Tuesday, September 2, 2014

Childhood Books

  I remember discovering the public library in Albany, NY. It was located amid the shabby splendor of Albany's Pine Hills neighborhood, in a 3-story Victorian-type house, where the wooden floors creaked and the air smelled like books. The children's room was on the second floor, in one of the towers. I remember bringing ten books to the desk to check out the first time and thinking they wouldn't let me borrow them all.
   My first obsession was Laura Ingalls Wilder and Little House on the Prairie. These books were exciting adventures based on a real life. I soon owned all of them.
   Next came the Bobbsey Twins, the adventures of a bunch of well-to-do kids named Nan, Bert, Freddie, and Flossie.
   After that, I discovered Nancy Drew by Carolyn Keene. I read the first few mysteries and ended up getting them all through the years. I loved how Nancy and her friends just plunged into danger.
   Then there was The Lion, the Witch, and the Wardrobe by C.S. Lewis, which I pulled off the shelf and opened to the illustration of the witch about to stab poor Aslan on the altar. I put it back on the shelf because it looked too disturbing. I read it a year later and the wardrobe in our house became the source of much speculation.
   A fascination with England, my mom's birthplace, led to Paddington Bear by Michael Bond. Paddington seemed a bit more sophisticated than Winnie-the-Pooh and led to my love of orange marmalade.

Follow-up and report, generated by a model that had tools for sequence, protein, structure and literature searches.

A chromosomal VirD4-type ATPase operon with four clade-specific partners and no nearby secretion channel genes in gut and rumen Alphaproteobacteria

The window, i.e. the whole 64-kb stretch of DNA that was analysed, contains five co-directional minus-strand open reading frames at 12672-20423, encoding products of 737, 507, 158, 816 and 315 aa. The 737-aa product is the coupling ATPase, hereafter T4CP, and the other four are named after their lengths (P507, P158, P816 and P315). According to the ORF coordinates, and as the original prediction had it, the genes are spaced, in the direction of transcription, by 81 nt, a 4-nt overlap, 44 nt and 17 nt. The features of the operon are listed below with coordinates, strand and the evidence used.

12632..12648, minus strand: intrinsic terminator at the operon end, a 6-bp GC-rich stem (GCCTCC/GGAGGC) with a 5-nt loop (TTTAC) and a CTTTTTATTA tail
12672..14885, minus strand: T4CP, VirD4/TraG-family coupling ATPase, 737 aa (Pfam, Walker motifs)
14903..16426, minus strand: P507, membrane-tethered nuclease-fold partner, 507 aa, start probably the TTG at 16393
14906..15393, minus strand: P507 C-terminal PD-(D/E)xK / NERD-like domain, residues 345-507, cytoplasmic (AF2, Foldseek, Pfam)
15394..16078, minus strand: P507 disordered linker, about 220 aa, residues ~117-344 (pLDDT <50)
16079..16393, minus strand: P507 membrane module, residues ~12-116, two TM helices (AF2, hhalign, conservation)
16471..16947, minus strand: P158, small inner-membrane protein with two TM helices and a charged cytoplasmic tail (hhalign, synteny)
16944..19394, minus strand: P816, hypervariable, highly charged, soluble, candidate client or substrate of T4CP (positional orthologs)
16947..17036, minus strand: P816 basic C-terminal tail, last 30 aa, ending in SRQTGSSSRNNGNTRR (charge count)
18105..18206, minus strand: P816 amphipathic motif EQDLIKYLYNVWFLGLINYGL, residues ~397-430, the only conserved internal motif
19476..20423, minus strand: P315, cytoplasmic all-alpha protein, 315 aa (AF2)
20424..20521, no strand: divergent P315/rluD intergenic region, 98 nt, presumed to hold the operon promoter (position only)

Next was Edith Nesbit's The Enchanted Castle and The Magic City, more books in which English children dealt with magic.
   I found The Secret Garden by Frances Hodgson Burnett at the library and read it in one night. I bought that and A Little Princess at a school book fair a few months later.
   I didn't read Alice's Adventures in Wonderland until I found a pretty, illustrated version of it in the library. The same with Peter Pan. I thought Alice was hilarious and Peter Pan made me afraid to leave my window open.
   I wish I could remember the other books I fell in love with during those years of discovery. There was the one about the ballerina, set in the 1940s, and another about a girl befriending the weirdest person in her school. There were books on mythology and fairy tales, science fiction, and biographies.
   I miss that magical round room in a tower, where I discovered new worlds.

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